A scientific breakthrough has confirmed how early man left Africa some 84,000 years ago.
A “well-watered corridor” of river channels across the Sinai peninsula and through Jordan was the route early humans took toward Europe and Asia, scientists from the University of Southampton claim to have proved.
Examining hand tools found on the edge of ancient river channels that have dried up over time, the team used specialist dating techniques to discover they were likely to have been used around 84,000 years ago.
The scientists, working with colleagues around the world, say it proves the Homo sapiens navigated their way along the river channels through the Jordan Rift Valley on their way from Africa for Euraisa.
Paul Carling, Professor of Geomorphology at the University of Southampton, said: “It’s long been thought that when the sea level was low, humans used a southern crossing, via the Red Sea from the horn of Africa, to get to south-western Arabia.
“However, our study confirms there was a well-trodden passage to the north, across the only land-route from Africa to Eurasia.
“Our newly published evidence is a key piece of the puzzle that shows humans migrated using a northern route – using small wetland areas as bases whilst hunting abundant wildlife in the drier grasslands.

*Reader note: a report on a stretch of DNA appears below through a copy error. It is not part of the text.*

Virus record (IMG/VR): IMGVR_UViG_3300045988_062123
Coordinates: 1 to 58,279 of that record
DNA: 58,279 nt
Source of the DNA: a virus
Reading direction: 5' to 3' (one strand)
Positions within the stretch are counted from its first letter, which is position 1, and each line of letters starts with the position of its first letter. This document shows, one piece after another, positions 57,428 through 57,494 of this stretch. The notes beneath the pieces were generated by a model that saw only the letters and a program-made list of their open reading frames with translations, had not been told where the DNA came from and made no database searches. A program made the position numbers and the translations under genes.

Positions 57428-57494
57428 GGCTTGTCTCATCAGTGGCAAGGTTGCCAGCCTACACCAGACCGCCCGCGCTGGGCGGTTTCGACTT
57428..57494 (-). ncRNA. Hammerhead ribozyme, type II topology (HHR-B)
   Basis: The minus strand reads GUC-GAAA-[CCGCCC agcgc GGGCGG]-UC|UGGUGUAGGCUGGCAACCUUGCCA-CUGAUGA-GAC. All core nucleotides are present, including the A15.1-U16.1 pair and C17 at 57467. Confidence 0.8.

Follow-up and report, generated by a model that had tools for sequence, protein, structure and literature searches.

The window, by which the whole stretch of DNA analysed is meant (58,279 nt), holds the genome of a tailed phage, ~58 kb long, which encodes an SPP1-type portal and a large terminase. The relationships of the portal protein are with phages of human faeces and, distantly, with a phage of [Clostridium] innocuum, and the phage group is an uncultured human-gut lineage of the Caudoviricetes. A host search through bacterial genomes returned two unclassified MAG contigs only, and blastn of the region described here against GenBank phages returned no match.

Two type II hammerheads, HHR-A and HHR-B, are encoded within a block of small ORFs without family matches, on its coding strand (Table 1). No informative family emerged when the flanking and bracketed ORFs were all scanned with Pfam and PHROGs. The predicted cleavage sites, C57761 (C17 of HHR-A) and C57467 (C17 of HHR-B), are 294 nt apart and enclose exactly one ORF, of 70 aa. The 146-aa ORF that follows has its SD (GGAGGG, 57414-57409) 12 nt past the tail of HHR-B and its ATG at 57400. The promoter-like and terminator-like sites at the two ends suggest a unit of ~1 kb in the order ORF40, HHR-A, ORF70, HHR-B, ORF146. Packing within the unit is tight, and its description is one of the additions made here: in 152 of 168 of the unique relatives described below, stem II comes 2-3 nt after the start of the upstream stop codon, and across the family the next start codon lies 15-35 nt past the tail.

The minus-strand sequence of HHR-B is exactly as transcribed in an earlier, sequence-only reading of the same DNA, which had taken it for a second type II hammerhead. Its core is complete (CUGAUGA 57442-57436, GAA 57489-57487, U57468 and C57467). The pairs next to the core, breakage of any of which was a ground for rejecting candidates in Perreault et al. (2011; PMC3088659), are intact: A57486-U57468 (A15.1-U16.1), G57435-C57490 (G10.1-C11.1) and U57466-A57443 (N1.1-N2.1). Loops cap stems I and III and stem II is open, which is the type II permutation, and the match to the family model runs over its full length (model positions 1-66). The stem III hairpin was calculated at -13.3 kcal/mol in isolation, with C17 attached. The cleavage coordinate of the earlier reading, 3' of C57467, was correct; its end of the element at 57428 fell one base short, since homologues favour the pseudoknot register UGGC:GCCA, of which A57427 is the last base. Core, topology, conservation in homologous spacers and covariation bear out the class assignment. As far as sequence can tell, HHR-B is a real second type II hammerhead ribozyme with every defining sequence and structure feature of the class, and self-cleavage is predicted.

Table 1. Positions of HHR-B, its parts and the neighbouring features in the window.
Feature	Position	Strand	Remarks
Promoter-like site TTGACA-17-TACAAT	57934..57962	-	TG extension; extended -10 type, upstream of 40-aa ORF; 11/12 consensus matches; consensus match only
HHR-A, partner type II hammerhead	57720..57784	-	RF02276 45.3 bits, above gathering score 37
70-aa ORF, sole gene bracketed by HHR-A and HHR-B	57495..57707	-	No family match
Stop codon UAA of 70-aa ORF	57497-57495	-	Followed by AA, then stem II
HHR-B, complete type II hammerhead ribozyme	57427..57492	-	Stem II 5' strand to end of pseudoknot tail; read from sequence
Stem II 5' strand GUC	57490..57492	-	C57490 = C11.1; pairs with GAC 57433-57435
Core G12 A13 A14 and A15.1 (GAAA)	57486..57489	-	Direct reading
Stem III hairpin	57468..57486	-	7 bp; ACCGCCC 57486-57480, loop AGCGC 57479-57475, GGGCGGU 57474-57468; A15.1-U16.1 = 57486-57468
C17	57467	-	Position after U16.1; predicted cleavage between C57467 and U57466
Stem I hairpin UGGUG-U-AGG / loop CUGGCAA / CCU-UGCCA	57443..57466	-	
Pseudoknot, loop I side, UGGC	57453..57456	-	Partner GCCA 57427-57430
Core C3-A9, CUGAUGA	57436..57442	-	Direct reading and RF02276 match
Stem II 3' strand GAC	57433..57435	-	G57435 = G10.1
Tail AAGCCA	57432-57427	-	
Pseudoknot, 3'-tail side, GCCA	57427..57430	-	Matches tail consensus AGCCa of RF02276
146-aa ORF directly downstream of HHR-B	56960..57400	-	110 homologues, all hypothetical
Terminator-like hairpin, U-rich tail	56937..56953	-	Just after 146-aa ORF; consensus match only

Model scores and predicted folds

“Although previous studies have looked for large lakes as potential watering holes, in fact small wetlands were very important as staging posts during the migration.”
The study, published in the journal Science Advances, was the result of scientists using luminescence dating techniques to help establish the age of the sediment the tools were buried in by estimating how long it had been since the sediment was last exposed to light.
The results showed the tools were likely to have been used in the time period humans left Africa for Eurasia. Modern humans evolved in Africa between 300,000 and 200,000 years ago and dispersed out of the continent in several stages to then populate Asia and then Europe.
Dr Mahmoud Abbas, the study’s lead author from Shantou University, China, said: “The Levant acted as a well-watered corridor for modern humans to disperse out of Africa during the last interglacial, and we have now demonstrated this is the case in the Jordan Rift Valley zone.
“The paleohydrological evidence from the Jordan desert enhances our understanding of the environmental setting at that time.
“Rather than dry desert, savannah grasslands would have provided the much-needed resources for humans to survive during their journey out of Africa and into south-west Asia and beyond.”